http://www.wetwebmedia.com/morays.htm . >
Thanks ps: thanks for the quick response!
<Welcome. Cheers, Marco.>
No Gymnomuraena, more likely Echidna polyzona; ID
& care -- 01/02/10
I guess my eel is a Echidna polyzona instead of a zebra eel.
<Ok, not a bad eel either'¦ as long as it is no Gymnothorax
rueppellii, which can be very aggressive. If you want a confirmation of
its ID send a clear picture.>
can you please send me a link to some care sheets and general
<The care is the same as for Echidna nebulosa (Snowflake moray),
which is a close relative. The Barred moray (Echidna polyzona) just
stays a little smaller (2 feet maximum). Large males (your small
specimen is most likely still female for a few years) may eat small
fishes, but their main prey in nature are crustaceans such as crabs.
See http://www.wetwebmedia.com/snowflakemoray.htm and
http://www.wetwebmedia.com/morays.htm as well as the linked FAQs and
feel free to ask if you have specific questions not answered already on
also is this eel a problem eel for my fishes
<It likely is too small to hurt them now and if the other fishes
grow and the clown and the small puffer are given away I see not much
future danger from what I remember about your tank (grouper and dragon
wrasse?). Lionfish and triggers often work as tank mates, sometimes
they don't: lionfish stinging moray, trigger biting the moray's
large dorsal fin or tail, trigger biting off the lions spines... For
future emails please ALWAYS attach former correspondence. We cannot
remember everyone's tanks (at least I cannot).>
or is he a good addition to my community tank
<Generally one of the better choices for the typical FOWLRs with not
too small tank mates.>
also is that the price they normally go for $29
<Yes, they are about 20-80 bucks in the retail stores, also depends
on the country/state/trader/season/order status. Cheers, Marco.>
Re.... E. polyzona and Cryptocaryon
He looks more like the Echidna polyzona because the other one
Gymnothorax rueppellii has a yellow head and doesn't look like full
bars... he has like a orange tint to his head and full black and white
bars maybe a inch wide? I'll attach a picture if needed I cant
right now though.
<Our offer to help with the ID from a picture remains valid.>
Also I have a new ich outbreak in my tank. It started on my two domino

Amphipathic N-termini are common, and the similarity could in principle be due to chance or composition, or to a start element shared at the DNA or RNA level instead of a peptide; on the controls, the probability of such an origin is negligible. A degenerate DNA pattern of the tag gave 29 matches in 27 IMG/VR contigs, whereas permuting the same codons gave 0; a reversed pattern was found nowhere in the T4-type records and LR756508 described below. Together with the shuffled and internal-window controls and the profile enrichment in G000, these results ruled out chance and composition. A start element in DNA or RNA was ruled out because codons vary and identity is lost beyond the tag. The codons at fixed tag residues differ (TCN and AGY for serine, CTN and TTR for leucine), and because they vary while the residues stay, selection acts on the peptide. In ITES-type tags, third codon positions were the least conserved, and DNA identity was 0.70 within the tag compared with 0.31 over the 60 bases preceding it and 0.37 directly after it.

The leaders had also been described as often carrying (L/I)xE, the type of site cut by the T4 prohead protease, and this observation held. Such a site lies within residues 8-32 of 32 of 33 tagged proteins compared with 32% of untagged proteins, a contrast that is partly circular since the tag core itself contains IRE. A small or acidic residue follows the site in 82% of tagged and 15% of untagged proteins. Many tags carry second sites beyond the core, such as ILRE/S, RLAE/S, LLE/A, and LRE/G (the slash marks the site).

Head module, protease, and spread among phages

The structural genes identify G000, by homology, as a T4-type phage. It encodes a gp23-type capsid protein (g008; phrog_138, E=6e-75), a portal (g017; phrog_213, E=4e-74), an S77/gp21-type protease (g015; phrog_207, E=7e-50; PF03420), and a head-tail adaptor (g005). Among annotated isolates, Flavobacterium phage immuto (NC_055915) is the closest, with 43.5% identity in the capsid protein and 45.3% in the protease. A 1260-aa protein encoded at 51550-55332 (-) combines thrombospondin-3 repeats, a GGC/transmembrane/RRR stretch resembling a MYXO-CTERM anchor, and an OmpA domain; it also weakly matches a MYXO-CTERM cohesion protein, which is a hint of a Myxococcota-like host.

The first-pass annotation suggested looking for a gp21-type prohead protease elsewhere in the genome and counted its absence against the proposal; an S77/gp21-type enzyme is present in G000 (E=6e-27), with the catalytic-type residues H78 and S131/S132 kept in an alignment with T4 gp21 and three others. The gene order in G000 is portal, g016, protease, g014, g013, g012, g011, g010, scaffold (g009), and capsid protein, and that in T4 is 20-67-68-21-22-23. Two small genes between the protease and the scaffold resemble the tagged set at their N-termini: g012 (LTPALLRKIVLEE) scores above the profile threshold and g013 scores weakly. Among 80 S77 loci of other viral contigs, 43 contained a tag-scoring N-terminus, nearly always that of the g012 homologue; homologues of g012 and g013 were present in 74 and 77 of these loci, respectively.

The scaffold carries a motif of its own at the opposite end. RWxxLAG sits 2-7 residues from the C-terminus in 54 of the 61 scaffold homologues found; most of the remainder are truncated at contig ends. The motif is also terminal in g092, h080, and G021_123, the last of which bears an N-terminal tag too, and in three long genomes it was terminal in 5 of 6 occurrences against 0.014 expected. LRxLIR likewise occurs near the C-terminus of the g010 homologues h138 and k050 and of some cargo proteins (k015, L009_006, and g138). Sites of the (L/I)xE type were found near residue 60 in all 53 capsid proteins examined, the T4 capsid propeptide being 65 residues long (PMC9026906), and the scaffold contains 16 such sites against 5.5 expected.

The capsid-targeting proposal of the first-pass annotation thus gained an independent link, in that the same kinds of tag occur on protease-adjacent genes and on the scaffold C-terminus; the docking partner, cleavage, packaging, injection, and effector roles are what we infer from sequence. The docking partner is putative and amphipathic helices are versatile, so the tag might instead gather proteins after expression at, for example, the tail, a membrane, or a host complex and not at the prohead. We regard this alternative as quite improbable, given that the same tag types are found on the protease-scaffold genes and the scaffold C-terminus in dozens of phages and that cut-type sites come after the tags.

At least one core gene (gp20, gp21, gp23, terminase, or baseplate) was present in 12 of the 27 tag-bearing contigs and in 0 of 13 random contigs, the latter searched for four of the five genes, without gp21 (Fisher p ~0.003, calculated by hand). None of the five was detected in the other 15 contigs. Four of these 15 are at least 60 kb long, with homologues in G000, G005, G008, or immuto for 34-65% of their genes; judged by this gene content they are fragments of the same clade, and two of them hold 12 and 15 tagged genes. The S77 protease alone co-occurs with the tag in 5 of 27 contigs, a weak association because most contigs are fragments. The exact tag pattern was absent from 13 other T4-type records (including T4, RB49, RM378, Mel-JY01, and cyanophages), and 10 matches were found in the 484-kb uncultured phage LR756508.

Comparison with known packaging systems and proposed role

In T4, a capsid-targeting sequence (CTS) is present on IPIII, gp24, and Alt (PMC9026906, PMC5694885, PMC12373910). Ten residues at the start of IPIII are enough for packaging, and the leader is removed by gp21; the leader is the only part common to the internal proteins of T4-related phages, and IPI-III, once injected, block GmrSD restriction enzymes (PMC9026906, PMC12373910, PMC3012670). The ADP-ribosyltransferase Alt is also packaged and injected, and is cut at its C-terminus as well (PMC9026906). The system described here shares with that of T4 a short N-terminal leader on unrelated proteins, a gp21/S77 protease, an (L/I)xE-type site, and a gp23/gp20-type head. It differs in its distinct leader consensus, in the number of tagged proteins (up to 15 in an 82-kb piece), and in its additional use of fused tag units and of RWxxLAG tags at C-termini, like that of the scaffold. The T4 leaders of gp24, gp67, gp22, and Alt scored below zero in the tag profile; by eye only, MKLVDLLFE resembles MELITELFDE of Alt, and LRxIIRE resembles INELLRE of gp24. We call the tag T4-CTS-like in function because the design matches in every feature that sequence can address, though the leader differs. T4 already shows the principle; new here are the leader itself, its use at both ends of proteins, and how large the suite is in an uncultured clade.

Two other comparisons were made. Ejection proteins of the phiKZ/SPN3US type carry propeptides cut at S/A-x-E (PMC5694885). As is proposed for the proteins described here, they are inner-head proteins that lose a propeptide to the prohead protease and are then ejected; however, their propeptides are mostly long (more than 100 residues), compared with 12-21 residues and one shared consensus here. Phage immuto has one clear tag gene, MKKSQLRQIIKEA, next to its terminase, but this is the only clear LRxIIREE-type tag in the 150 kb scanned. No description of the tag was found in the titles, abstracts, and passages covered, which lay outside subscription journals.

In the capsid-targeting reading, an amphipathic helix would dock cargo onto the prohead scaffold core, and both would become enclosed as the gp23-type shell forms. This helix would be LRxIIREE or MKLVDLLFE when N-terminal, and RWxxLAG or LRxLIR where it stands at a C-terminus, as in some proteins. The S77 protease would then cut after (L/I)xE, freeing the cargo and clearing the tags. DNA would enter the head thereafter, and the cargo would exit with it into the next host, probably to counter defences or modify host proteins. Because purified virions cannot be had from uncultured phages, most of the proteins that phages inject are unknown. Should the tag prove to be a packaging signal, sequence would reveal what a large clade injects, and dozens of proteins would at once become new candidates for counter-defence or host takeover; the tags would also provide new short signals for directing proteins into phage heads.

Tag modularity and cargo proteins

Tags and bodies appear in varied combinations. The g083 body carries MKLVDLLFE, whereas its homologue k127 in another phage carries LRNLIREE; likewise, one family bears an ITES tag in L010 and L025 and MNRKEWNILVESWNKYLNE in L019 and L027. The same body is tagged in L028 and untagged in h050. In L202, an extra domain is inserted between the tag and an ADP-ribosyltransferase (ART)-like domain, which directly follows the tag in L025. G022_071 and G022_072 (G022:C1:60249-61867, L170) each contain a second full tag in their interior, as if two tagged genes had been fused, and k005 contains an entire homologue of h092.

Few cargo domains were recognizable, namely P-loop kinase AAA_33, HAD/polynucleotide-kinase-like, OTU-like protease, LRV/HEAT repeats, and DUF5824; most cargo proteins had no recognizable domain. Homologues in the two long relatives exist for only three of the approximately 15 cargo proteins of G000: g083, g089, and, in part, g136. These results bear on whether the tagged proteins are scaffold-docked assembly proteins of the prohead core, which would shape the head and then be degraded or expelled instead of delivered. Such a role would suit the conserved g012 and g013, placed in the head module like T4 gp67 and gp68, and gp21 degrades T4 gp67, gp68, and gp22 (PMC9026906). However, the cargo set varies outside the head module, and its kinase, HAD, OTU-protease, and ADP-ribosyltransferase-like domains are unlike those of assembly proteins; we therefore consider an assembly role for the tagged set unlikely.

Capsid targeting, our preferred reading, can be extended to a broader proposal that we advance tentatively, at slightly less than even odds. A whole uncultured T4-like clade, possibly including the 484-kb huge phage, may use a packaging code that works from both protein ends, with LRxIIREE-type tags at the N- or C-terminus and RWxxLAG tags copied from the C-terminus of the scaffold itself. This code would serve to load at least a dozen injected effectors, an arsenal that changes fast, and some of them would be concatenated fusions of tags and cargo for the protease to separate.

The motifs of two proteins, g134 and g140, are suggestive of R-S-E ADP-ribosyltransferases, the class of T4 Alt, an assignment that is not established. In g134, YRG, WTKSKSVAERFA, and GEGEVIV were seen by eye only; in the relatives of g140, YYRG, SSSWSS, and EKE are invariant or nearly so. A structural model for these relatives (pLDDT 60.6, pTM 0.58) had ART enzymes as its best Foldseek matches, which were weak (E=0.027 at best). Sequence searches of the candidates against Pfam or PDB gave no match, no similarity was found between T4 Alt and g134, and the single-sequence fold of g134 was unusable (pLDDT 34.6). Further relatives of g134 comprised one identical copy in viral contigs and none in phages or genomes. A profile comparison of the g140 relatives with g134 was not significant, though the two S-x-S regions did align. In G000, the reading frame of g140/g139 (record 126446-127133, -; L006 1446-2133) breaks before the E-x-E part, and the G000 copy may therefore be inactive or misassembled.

damsels I think from stress from the lionfish is getting more
aggressive, then spread to my yellow damsel and now I've noticed it
on the lionfish...
<The damsels are not adequate long term tank mates for the lionfish
and the grouper. If you introduced them as food you encountered one of
the big problems of feeder fish: introduction of parasites.>
I'm expecting the grouper and frogfish to show signs soon
that's a lot of money and lives to loose to ich... in my other tank
I used garlic and my pajama cardinals made a AMAZING recovery.
<Glad the Cardinal is better, but I strongly doubt it is a direct
effect of the garlic use. Rather the cardinal's immune system that
at some point developed a complete or at least sufficient immunity to
I just started using it now in the 75 do you think this will work with
all these fish?
Again thanks for all the help.
<Please see http://www.wetwebmedia.com/ichartmar.htm for the marine
White spot disease (called 'ich', but being Cryptocaryon). Also
check the disease FAQs of the fishes in the infected tank. Don't
exchange equipment with your other tank to avoid transferring cysts of
the parasites. Also be aware that your moray eel must not be treated
with copper product concentrations needed to fight the disease. Feed
vitamin enriched foods and if possible run a strong UV sterilizer. With
three damsels (quite active fish species), a lionfish, a small grouper,
a Sharpnose puffer, frogfish, the eel and a maroon clown the 75 gallon
tank is a very stressful environment, which supports the disease. You
should consider to take out a number of fish: In your first emails your
plans were to keep the lionfish, the grouper, an eel and the frogfish,
and to upgrade to a 250 gallon tank within two years. I'd stick to
this and not add more fishes to avoid the loss of further fishes (and
money). Good luck. Marco.>
Tesselata moray... sel./comp./sys... Marco's
I really appreciate what you guys do it is a major help.
<Glad you like it.>
I currently have a 75 gallon fowlr tank in which I have a fairly small
Volitans lionfish maybe 6 inches. a panther grouper who is maybe three
inches and growing quickly. along with a maroon clown I'm moving to
a different tank, and a valentini puffer I'm planning on returning
for a credit due to its small size. I also have a frogfish who eats
<Needs a more varied diet and vitamin additions.>
for filtration I have a 400 h.o.b bio wheel filter, I believe it's
the type 4 power head from Koralia about $70. and a sump loaded with
tons of Caulerpa, filter pads, bio balls, and a skimmer. the tank has
plenty of live rock for bio filtration.
I'm almost 16 and extremely into the hobby, I know "the
books" and how things are suppose to be done, and I know there are
many exceptions and nature never follows the books
<Nature has its own (partly complicated) laws, the books just try to
show you these as the authors understood them in a way you might
understand them, too.>